The Dominion Lands Act was a federal law that received royal assent on 14 April 1872. It allowed for lands in Western Canada to be granted to individuals, colonization companies, the Hudson’s Bay Company, railway construction, municipalities and religious groups. The Act set aside land for First Nations reserves. Métis lands were organized by the government outside the Dominion Lands Act, using the scrip system. The Act also set aside lands for what would become National Parks (1883). The Dominion Lands Act devised specific homestead policies to encourage settlement in the West. It covered eligibility and settlers’ responsibilities, and outlined a standard measure for surveying and subdividing land. Some 1.25 million homesteads were made available over an expanse of about 80 million hectares — the largest survey grid in the world. The Act was repealed in 1930, when lands and resources were transferred from the federal government to the provinces of Manitoba, Saskatchewan and Alberta. From 1870 to 1930, roughly 625,000 land patents were issued to homesteaders. As a result, hundreds of thousands of settlers poured into the region.

Article

Province of Canada (1841-67)

In 1841, Britain united the colonies of Upper and Lower Canada into the Province of Canada. This was in response to the violent rebellions of 1837–38. The Durham Report (1839) recommended the guidelines to create the new colony with the Act of Union. The Province of Canada was made up of Canada West (formerly Upper Canada) and Canada East (formerly Lower Canada). The two regions were governed jointly until the Province was dissolved to make way for Confederation in 1867. Canada West then became Ontario and Canada East became Quebec. The Province of Canada was a 26-year experiment in anglophone-francophone political cooperation. During this time, responsible government came to British North America and expanded trade and commerce brought wealth to the region. Leaders such as Sir John A. Macdonald, Sir George-Étienne Cartier and George Brown emerged and Confederation was born.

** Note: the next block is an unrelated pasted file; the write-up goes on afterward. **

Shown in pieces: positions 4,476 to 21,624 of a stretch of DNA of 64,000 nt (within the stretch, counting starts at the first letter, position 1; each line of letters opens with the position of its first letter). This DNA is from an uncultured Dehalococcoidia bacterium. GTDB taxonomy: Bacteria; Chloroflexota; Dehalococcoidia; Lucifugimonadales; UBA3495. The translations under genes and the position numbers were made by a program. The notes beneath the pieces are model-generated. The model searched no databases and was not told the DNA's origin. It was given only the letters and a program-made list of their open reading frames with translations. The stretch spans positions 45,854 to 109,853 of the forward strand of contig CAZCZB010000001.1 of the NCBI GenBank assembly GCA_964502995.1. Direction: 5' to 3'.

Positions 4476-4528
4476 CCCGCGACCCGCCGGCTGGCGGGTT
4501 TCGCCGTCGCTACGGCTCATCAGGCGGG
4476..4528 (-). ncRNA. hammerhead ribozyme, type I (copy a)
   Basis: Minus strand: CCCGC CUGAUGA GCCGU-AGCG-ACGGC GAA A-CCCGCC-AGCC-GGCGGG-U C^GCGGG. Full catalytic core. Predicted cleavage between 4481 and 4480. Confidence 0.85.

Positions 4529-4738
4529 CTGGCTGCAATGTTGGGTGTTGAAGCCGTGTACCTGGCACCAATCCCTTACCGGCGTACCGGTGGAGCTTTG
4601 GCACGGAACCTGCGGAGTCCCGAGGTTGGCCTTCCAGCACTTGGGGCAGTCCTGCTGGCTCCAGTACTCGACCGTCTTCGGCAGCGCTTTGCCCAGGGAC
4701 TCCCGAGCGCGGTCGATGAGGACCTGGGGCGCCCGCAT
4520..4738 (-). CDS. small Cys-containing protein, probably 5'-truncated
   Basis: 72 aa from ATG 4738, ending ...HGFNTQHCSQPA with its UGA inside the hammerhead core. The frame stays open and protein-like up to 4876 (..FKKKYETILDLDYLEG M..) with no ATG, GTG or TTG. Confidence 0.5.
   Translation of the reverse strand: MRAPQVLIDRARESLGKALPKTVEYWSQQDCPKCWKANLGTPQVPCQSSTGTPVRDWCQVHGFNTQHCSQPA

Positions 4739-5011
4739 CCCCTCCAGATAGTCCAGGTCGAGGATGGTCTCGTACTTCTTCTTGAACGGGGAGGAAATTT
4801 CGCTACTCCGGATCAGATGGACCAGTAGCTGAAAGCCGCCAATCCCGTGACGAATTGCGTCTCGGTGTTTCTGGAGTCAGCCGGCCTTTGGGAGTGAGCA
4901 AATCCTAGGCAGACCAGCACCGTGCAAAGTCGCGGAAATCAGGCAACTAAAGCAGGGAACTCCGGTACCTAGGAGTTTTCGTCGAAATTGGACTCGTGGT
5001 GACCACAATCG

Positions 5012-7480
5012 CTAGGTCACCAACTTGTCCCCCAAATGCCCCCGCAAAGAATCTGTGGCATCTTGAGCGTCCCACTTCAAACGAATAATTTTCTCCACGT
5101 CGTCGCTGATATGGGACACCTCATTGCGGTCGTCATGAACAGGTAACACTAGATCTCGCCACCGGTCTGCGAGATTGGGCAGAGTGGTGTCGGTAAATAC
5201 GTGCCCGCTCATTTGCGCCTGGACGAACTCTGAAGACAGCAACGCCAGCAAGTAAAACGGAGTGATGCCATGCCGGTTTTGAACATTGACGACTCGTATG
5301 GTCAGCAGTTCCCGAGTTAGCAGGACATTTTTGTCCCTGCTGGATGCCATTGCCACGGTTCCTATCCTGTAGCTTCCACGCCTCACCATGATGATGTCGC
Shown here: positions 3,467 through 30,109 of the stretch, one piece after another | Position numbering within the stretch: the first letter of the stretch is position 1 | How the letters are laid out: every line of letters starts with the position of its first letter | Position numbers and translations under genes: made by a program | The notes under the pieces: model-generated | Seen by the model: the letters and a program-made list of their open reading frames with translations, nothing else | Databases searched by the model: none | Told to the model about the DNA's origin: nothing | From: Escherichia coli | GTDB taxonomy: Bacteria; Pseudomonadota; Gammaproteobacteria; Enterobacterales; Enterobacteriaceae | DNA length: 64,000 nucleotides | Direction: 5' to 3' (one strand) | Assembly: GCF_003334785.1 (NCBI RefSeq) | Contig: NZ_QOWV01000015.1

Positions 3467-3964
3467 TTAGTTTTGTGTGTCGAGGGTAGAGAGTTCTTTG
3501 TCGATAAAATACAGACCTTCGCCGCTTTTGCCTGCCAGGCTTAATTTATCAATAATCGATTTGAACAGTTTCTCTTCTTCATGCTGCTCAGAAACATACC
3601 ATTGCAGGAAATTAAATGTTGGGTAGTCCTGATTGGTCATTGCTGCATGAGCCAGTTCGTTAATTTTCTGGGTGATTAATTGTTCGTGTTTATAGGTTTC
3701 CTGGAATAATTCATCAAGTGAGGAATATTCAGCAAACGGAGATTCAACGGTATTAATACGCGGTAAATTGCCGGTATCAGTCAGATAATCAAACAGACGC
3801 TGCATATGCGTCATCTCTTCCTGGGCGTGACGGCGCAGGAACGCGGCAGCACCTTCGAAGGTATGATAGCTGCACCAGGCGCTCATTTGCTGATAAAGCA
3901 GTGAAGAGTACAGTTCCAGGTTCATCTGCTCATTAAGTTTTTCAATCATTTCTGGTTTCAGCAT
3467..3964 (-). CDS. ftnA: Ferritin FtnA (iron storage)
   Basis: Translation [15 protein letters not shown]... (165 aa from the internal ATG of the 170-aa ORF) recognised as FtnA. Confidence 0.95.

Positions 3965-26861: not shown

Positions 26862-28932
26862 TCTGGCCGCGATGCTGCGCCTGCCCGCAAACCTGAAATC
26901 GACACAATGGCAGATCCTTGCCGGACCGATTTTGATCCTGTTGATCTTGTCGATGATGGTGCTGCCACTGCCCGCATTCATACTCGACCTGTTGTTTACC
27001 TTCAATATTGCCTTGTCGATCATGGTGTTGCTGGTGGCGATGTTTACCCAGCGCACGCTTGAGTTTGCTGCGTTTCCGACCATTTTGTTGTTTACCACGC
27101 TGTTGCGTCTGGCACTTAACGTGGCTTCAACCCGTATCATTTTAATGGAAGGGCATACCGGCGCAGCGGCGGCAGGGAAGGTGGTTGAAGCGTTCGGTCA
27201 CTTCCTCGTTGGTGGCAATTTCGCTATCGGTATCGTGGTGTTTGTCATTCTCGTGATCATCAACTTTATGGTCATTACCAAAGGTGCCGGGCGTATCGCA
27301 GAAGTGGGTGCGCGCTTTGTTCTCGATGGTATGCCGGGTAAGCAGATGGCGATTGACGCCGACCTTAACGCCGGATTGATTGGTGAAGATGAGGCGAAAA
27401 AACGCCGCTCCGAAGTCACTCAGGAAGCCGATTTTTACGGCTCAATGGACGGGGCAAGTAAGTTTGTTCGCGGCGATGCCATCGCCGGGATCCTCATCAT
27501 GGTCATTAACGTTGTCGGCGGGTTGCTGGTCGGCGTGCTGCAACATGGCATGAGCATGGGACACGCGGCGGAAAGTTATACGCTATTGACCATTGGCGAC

(This is the full-length entry about the Province of Canada. For a plain language summary, please see Province of Canada (Plain Language Summary).)